What a show! You're making me jealous.
Interesting anecdote: Willy will be performing in my town very soon as well. Friends of mine were aware and plotting attendance. The very next day my father says 'Oh, son, I read in the paper this morning that Willy Nelson is coming to town. We might have to see that, huh?' To which I replied, 'Sure, Dad, but if you come with me you'll have to go with about 10 of my friends.'
Willy might serve to reduce the average age. Mellencamp, well, he is virtually unknown to my generation, though, I think he's hilarious. I caught FarmAid this year.
But to bring the topic back on point: You said that 'No one disputes that theft
is wrong.' And I brought up Rousseau. An obscure reference, but I think relevant. If you recall his Confessions
he talks about stealing trinkets - if he payed for them, he immediately lost interest. If he stole them, the trinkets remained a delight over a period of time. So perhaps we do not agree that theft is universally wrong, and that there is instead an important contextual issue to consider. In the case of illegal music downloads the context seems to be that pirates find music to be something that everyone owns: we may not all be able to own the Mona Lisa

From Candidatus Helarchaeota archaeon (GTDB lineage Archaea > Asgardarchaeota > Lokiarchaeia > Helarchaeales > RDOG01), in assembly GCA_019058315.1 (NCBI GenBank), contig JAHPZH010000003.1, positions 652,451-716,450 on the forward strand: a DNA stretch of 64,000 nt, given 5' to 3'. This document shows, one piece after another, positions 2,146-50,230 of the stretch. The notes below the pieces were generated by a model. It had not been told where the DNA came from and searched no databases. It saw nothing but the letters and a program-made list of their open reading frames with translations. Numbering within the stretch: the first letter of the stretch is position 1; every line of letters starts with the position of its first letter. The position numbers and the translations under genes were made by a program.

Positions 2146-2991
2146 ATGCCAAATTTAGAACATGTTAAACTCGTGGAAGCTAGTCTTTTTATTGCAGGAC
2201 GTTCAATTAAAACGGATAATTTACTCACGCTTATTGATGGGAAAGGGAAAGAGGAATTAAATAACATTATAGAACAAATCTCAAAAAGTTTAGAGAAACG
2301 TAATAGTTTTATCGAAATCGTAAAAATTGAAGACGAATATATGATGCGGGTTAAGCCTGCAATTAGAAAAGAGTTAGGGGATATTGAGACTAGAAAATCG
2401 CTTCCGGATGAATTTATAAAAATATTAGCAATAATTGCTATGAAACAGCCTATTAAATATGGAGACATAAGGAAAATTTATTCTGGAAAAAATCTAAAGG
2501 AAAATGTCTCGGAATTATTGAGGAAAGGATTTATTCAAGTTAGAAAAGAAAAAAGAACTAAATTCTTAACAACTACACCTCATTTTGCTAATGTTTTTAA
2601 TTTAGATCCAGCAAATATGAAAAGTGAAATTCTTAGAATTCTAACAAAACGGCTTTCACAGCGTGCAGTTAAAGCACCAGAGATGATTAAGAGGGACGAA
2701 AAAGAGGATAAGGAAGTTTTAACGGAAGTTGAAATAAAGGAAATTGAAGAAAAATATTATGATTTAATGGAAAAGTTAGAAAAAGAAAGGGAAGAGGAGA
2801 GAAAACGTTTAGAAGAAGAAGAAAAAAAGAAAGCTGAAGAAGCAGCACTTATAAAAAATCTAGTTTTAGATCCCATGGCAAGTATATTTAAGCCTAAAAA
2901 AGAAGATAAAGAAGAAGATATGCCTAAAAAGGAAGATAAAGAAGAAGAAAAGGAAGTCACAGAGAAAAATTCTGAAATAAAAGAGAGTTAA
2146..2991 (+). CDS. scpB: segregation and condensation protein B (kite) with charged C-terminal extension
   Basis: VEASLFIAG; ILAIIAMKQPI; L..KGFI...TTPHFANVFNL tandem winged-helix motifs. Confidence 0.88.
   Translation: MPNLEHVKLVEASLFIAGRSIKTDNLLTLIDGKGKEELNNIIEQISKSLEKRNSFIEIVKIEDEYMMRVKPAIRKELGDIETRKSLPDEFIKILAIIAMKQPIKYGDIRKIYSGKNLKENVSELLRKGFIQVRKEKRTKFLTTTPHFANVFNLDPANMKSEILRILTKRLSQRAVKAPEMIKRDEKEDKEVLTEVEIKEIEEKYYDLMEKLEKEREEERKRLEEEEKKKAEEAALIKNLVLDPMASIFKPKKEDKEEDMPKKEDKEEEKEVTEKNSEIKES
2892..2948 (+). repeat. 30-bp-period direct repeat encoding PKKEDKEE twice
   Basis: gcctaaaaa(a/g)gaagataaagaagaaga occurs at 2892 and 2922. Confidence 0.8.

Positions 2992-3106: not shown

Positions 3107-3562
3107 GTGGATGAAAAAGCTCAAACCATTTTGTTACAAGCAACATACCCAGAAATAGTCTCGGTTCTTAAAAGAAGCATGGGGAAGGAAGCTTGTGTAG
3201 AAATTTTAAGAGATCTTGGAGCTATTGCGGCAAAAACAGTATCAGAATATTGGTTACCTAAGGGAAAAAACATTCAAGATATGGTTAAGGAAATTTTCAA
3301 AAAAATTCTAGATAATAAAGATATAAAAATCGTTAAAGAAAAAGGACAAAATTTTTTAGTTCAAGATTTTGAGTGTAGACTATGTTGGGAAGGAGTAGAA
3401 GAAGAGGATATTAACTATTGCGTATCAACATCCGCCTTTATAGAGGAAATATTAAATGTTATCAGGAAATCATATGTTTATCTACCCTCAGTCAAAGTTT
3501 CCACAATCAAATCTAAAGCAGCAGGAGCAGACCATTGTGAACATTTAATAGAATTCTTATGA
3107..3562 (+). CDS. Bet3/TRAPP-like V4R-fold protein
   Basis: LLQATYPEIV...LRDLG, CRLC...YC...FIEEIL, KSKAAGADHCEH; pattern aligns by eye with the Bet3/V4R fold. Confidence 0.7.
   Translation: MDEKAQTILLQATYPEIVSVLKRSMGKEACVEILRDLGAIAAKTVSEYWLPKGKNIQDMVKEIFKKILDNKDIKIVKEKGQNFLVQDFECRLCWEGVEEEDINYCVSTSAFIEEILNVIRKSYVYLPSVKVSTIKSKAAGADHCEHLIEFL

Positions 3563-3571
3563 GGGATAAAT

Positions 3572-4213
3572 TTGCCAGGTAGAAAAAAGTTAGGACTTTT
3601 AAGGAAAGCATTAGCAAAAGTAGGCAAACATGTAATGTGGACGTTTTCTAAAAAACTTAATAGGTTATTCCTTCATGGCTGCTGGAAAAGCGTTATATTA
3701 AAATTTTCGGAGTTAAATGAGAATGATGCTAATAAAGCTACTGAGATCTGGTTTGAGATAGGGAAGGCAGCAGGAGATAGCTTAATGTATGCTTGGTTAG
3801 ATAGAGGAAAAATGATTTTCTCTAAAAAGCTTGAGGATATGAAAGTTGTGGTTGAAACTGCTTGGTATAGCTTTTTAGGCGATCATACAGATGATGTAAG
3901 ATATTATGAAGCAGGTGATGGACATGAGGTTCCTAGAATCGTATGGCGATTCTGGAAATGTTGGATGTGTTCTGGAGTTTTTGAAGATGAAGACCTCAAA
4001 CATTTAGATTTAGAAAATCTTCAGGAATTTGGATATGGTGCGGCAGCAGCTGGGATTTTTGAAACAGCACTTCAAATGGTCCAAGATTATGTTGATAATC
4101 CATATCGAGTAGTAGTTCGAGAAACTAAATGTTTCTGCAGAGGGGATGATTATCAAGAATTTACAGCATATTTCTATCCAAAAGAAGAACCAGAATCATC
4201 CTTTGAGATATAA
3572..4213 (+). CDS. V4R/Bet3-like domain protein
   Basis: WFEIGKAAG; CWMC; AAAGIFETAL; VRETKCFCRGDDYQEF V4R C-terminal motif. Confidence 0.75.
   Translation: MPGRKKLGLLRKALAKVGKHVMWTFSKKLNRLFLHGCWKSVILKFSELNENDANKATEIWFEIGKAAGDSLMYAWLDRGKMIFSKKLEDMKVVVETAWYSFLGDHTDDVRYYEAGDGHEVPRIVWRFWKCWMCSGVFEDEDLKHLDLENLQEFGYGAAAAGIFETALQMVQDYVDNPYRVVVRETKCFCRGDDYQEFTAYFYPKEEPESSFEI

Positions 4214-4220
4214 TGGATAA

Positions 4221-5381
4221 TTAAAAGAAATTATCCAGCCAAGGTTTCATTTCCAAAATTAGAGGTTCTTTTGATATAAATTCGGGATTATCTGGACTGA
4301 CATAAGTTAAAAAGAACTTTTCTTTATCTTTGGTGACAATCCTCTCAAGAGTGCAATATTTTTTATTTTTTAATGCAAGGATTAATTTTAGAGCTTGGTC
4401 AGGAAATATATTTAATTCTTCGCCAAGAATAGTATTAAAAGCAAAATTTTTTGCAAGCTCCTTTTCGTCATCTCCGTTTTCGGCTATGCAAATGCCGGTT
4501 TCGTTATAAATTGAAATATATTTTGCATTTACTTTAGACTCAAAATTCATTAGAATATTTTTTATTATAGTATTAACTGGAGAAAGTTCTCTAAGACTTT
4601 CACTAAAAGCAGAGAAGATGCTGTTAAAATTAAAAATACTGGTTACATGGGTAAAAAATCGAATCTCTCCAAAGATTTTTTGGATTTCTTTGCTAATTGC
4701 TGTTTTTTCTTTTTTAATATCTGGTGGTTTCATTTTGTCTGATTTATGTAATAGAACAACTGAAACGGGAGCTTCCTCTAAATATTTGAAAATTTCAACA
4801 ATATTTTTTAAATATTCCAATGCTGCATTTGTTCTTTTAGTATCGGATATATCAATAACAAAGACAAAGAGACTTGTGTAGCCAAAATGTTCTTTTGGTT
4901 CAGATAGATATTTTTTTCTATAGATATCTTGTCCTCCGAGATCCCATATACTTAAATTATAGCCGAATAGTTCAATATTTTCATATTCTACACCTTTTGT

(analogous, perhaps, to the live performance) but we can all own a picture of the classic work: I can get one online, legally, for free, and print it out at home (burn the music to CD).